O.Z. Tyler and I do not have a good history. There was this rapid-aging thing they did to Bourbon and Rye called Terrepure, which in both cases was so hideous that I felt someone should be imprisoned for attempted murder to my palate. As such, when a sample of Wheel Horse Bourbon came in, and I saw that it was distilled by Owensboro Distilling Company (formerly O.Z. Tyler), I was admittedly scared. I've had Malört several times, and while awful it never frightened me. But, there's this whole #DrinkCurious lifestyle that I've sworn allegiance to, and, well, sometimes I have to take one for the team if you know what I mean.
Wheel Horse is a collaboration between Owensboro Distilling and Lattitude Beverage. Master Distiller Jacob Call oversaw the project and Batch 1 has just been released. Distilled in copper from a sour mash of 70% corn, 21% rye, and 9% malted barley, it was aged in new, #4 charred oak barrels at Owensboro Distillery for between two and four years. Because an age statement must be based upon the youngest whiskey in the blend, we would say this is two years old. It was non-chill filtered at 101° and a 750ml bottle will set you back about $27.99.
I'd like to thank Lattitude Beverage for sending me a sample of Wheel Horse Bourbon in exchange for a no-strings-attached, honest review. Let's get to this, shall we?
Appearance: In my Glencairn glass, this Bourbon presented as a deep amber color. An ultra-thin rim was left on the wall, and that created thin, slow legs to fall back to the pool of liquid sunshine.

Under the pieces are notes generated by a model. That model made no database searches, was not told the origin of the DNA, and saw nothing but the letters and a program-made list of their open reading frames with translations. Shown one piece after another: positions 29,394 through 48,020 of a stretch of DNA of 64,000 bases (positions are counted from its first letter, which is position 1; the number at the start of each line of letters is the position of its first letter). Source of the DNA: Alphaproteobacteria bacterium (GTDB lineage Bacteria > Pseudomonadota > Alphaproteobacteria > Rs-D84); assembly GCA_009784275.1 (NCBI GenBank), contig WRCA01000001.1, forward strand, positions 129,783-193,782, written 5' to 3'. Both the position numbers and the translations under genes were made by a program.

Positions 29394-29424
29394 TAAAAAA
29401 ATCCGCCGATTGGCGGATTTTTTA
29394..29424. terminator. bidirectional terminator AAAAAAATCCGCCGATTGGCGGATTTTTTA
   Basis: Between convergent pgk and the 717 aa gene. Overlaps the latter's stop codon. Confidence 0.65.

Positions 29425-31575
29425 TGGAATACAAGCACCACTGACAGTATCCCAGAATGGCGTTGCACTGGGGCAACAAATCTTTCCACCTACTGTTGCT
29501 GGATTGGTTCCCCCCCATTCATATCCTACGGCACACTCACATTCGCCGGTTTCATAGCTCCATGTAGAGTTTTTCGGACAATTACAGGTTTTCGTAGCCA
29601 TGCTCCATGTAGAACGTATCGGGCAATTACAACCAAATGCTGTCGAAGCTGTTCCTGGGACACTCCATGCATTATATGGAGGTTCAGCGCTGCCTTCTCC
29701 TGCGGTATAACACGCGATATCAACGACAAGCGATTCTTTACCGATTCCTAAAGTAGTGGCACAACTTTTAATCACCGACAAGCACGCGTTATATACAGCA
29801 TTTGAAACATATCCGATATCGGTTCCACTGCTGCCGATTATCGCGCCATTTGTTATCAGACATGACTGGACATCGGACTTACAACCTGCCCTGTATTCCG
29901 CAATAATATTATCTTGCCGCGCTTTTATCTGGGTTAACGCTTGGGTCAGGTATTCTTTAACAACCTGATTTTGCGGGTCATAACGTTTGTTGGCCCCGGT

Nose: Aromas of corn and butterscotch tantalized my senses. That was followed by baked apples and cherries. I didn't come across any blast of ethanol to knock me over, and when I inhaled the vapor in my mouth, all I found was sweet vanilla.
Palate: I found the mouthfeel to be very creamy and full-bodied. There was (again) no ethanol punch like there was with the Terrepure whiskeys. On the front of my palate, flavors of oak, cherry, and plum raised some hope. Mid-palate was a mixture of caramel and maple syrup. Then, on the back, I tasted black pepper and pecan praline.
Finish: A medium-length finish consisted of cinnamon, dry oak, cherry, and that maple syrup. I was shocked by how strong the fruit factor was.
Bottle, Bar, or Bust: While I hate to admit it, I enjoyed this pour. I'm now curious about what else Owensboro Distilling offers. This was interesting and well-balanced. When I factor in the affordable $28.00 investment, I'm happily tossing a Bottle rating at Wheel Horse. I believe you'll enjoy it, too. Cheers!
My Simple, Easy-to-Understand Rating System
- Bottle = Buy It
- Bar = Try It
- Bust = Leave It